ASQ - Team and Workplace Excellence Forum

Online Edition — June 2003

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When Executive Coaching Shifts
to Clinical Consultation
Observations From a “Reinvented” Coach
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When Executive Coaching Shifts to Clinical Consultation

Over the past few issues The Journal for Quality and Participation and News for a Change have explored the topic, “Coaching and Counseling.” Last month focused primarily on techniques for group coaching, and now we’re switching the focus to individual coaching and counseling.

Dr. Peter Graham, Ph.D., is the director of psychology services at the Professional Renewal Center. He has written the following article to help us differentiate between the two intervention approaches so that we can apply them appropriately and optimize outcomes for individuals and organizations.

As you know, hundreds of executive coaches have sprung up over recent years. Unfortunately, many of these coaches are consulting in areas that exceed their expertise. This article briefly compares and contrasts coaching and counseling to help ensure their correct application.

Executive coaching and counseling (clinical consultation/psychotherapy) can be deeply personal, psychological, and emotional interventions. Although some coaches have a great deal of business and life experience, few have the training to diagnose and treat emotional and mental problems. Similarly, some clinical psychologists have a great deal of clinical and organizational experience, but few have the training to diagnose problems with executive leadership, work group dysfunction, and organizational/corporate strategy and tactics.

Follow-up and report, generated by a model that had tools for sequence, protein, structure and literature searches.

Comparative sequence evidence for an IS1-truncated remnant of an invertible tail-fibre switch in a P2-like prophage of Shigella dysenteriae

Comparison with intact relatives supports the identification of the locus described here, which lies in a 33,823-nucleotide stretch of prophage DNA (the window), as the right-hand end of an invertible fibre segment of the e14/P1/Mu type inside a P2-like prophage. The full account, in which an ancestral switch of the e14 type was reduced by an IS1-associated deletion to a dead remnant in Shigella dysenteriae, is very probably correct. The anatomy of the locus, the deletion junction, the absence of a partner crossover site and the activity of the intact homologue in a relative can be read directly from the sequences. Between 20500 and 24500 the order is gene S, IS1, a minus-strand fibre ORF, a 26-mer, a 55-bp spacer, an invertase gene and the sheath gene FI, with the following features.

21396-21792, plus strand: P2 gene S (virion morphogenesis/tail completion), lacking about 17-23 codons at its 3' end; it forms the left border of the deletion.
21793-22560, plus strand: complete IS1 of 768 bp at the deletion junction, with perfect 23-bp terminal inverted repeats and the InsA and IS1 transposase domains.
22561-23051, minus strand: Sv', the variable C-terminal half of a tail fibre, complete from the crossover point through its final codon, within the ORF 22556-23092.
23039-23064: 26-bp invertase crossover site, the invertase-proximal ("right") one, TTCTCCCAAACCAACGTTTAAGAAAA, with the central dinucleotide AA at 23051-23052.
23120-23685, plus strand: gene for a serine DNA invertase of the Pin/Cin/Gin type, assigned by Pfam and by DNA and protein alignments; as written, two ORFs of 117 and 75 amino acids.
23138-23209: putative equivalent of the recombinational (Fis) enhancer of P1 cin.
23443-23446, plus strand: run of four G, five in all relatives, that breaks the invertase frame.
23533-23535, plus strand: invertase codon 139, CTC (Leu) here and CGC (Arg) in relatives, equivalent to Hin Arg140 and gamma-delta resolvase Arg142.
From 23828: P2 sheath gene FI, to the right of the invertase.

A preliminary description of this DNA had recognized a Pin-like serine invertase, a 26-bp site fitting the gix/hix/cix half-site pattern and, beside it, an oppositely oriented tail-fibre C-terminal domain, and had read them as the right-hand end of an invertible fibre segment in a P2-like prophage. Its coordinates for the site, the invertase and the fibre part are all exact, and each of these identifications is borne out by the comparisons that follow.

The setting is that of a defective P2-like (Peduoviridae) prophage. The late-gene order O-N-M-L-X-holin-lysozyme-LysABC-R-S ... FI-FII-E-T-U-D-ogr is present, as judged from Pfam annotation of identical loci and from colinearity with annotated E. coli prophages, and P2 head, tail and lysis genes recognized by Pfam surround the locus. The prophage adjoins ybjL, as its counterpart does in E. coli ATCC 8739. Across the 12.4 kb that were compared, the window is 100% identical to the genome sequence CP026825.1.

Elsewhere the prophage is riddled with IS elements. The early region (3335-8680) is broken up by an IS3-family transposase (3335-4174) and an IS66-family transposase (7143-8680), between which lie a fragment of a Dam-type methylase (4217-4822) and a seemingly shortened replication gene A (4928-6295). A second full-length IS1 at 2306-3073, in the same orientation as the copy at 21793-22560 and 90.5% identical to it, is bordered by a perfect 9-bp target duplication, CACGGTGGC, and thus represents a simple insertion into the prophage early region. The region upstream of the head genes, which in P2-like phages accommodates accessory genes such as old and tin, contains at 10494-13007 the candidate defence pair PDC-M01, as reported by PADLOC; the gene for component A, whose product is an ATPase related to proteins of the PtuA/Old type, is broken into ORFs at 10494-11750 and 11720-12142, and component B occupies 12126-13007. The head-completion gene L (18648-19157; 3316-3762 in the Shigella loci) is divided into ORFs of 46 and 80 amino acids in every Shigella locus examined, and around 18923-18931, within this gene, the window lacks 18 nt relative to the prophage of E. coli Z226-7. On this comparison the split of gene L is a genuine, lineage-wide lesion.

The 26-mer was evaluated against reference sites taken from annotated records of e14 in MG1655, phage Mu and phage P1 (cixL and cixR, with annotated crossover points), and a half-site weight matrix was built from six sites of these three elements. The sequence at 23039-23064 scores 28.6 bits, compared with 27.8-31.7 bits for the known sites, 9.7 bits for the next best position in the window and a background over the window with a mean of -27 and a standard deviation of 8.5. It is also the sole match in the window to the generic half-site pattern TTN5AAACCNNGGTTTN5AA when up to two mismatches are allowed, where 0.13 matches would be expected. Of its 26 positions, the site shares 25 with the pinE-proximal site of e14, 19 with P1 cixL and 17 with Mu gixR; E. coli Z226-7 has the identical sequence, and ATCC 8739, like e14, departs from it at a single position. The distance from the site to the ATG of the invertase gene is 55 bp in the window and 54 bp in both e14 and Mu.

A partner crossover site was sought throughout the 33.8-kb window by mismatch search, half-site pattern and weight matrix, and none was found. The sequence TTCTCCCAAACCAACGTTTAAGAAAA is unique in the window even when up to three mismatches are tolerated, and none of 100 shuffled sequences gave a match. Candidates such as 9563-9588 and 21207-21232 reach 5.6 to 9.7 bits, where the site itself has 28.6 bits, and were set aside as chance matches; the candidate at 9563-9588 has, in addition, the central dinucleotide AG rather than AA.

When the usual challenges of executive life begin to transition into emotional problems such as stress and burnout, personality disorders, or mood disorders like depression and bipolar illness, coaches can begin to get in over their heads. Clinicians can begin to get in over their heads when the personal and emotional problems and disorders begin to transition into difficulty formulating strategy; realizing team goals; and/or building, marketing, and selling a product effectively.

Without the requisite training and experience needed in the areas of diagnosis and treatment pertinent to their respective domains, executive coaches and clinical psychologists who do not know the limits of their own practice unwittingly can compound problems that actually require trained help of the alternative variety. Those who are considering the use of an executive coach or psychotherapist or who are trying to gauge the limits of their current coaching/therapy relationship are well advised to keep these limits in mind.

Failing to identify when a coaching or therapeutic situation has reached its limits can result in a variety of poor outcomes. One end of the spectrum of poor outcomes involves money not well spent on a relatively innocuous intervention. The other end of the spectrum can involve an untreated mental illness, resulting in harm to the executive and possibly to his/her organization and/or family. It’s also a failed opportunity to capitalize on the latent potential of a leader, team, or whole organization, thereby squandering the future of the organization and altering the careers and lives of many employees. As is usually the case in the business and clinical world, caveat emptor (let the buyer beware)!

Executive coaching:

  • Provides guidance in the areas of managing organizational change and personal change in the organizational context.
  • Hones the individual executive’s leadership style and effectiveness.
  • Provides an organizing framework from where the executive can better define his/her corporate strategy and vision.